By Brian Ives
Last night at the Rock and Roll Hall of Fame induction ceremony at the Barclays Center in Brooklyn, the venue was transformed to a bit of progressive rock heaven for a little while. After over a decade of eligibility, Yes was finally inducted into the Rock and Roll Hall of Fame.
That would have been sweet enough, but upping the ante was the fact that the occasion reunited both sides of the band: guitarist Steve Howe and drummer Alan White, who are both still in Yes, reunited with three of their ex-bandmates, Jon Anderson, Trevor Rabin and Rick Wakeman, who now play together in (of course) Anderson Rabin Wakeman. Even better, the band’s original drummer, Bill Bruford was there.
On top of all of that, they were presented at the event by Geddy Lee and Alex Lifeson of Rush, another band who — at least at one point — seemed unlikely to ever be inducted in the Rock and Roll Hall of Fame (they were inducted in 2013). And Lee even sat in for the band’s late bassist and leader, Chris Squire.
“We all start somewhere, and my journey with Yes started when I was a teenager,” Lifeson said. “I may have smoked a cigarette…or something. I spent hours picking my way through songs like ‘Starship Trooper’ and ‘Yours is No Disgrace.’ I must have played ‘Starship Trooper’ a million times. Yes helped give me the gift of music, which is everything, as you know.”
“The musical choices we make in our youth, helps to determine who we become.” His advice? “Choose Chris Squire’s amazing bass tone. Choose Jon Anderson’s ethereal vocals. Choose Fragile. Choose ‘Roundabout.’ Choose the glorious guitar work in ‘Owner of a Lonely Heart.’ And definitely, choose Yes.”
Lee added, “Blah blah blah,” a reference to Lifeson’s own acceptance speech from a few years back. “I’d like to ask if the Rock and Roll Hall of Fame would indulge me.” He talked about a friend named Oscar who turned him on to Yes.
“Time and a Word – I still thrill to the bass part of ‘No Opportunity Necessary, No Experience Needed.’ Later Oscar played me ‘Yours is No Disgrace’ and ‘I’ve Seen All Good People.’ Through Yes, I was tuning into a wider world of possibilities.”
He recalled seeing his first Yes concert. “It was like nothing I experienced before, it was profound. It changed the way I played music forever.”
When they introduced the band, first Anderson, Rabin and Wakeman walked on stage, and were soon joined by White, Howe and Bruford. Founding keyboardist Tony Kaye didn’t attend the ceremony.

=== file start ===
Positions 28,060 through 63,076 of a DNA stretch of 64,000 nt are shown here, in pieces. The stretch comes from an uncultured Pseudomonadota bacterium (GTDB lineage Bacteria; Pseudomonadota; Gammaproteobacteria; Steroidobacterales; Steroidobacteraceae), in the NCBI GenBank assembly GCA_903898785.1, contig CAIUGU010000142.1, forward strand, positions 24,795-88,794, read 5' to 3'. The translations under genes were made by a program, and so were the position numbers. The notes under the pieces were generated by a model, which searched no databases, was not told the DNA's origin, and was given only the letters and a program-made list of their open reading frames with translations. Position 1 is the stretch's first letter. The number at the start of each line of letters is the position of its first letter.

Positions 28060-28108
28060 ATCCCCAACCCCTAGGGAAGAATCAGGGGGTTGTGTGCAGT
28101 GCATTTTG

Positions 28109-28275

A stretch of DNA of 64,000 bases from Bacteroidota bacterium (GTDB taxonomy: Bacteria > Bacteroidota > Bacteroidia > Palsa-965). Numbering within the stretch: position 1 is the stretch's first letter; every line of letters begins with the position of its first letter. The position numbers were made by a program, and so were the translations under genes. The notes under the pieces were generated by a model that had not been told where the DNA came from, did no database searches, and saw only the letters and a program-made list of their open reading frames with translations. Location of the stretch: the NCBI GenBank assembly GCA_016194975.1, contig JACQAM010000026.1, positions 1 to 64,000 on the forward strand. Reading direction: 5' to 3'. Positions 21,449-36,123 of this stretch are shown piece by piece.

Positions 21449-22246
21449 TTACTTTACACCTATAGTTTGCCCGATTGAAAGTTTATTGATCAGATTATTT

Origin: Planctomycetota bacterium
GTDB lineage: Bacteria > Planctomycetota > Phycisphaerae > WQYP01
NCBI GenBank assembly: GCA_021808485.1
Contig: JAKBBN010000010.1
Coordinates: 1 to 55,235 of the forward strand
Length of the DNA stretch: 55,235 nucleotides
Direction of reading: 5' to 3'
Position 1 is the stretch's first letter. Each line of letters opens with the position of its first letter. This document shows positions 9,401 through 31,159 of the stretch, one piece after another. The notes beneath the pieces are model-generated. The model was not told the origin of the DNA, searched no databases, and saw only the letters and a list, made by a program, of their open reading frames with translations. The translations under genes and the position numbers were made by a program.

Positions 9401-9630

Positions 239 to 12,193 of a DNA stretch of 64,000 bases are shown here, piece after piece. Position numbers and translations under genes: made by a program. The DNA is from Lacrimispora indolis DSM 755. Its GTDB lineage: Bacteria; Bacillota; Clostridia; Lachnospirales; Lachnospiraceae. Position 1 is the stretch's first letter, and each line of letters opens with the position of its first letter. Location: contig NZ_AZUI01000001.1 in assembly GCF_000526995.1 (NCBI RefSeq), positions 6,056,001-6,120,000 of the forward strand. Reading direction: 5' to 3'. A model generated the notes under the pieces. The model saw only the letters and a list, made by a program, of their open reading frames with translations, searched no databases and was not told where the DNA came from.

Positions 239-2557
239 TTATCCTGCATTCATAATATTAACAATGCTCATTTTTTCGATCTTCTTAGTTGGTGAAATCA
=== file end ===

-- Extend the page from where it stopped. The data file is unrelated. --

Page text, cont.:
Jon Anderson accepted and talked about visiting at the Hall of Fame in Cleveland: “All my heroes were there, all of them. All these great people and we’re gonna join then, I can’t believe it.” And he noted that the ceremony fell on a significant date.
“It’s 49 years ago tonight that I met Chris Squire at a bar,” he recalled. “It was a magic moment. He was so tall, I couldn’t believe it. We had a guitarist called Peter Banks. We had a drummer called Bill Bruford. Chris is in heaven, but him and Peter are here with us tonight.”
Alan White added, “This has been a long journey. I’d like to thank Chris Squire, I worked with him for 42 years he was one of my best friends ever.”
“I’m Steve Howe!” the band’s guitarist said. “I’d like to thank all our fans who believed we deserved to be inducted into the Rock and Roll Hall of Fame. Our fans have a different ear from normal music listeners. As Bill used to say, when asked what Yes music is, ‘Some of it’s fast and some of it’s slow.'”
He also mentioned the current incarnation of the band, which includes keyboardist Geoff Downes, bassist Billy Sherwood and singer Jon Davison: “We look forward to continuing more great works of Yes.”
Rick Wakeman — a huge personality — shared a bit of unexpected info with the audience: “Less than a half a mile from this very building was where I had my very first meaningful sexual experience. It wasn’t very good.”
He discussed the importance of prostate examination, “Which I, in fact, had on Monday!” He then described the process. In detail. And shared a conversation he had with his doctor during the process: “‘Mr. Wakeman, it’s not usual to get an erection with this procedure.’ I said, ‘I haven’t got one..’ And he said, “I know: I have!'”
Bruford didn’t speak, unfortunately, and didn’t play. Then, Anderson, Rabin, Wakeman, Howe and White, with Geddy Lee on bass, played “Roundabout.” Lee left the stage, Howe took over the bass for “Owner of a Lonely Heart,” during which Wakeman — on keytar — and Rabin walked into the audience during their solos, during which point, Joan Baez kissed Wakeman on his cheek , to his amazement. It was one of a series of unlikely events to take place at Barclays last night — none more unlikely than Yes’ induction, given the Hall of Fame voters’ former prejudice towards prog rock. Hopefully for fans, the unlikely events will keep occurring, and this performance will lead to a merger of Yes and ARW.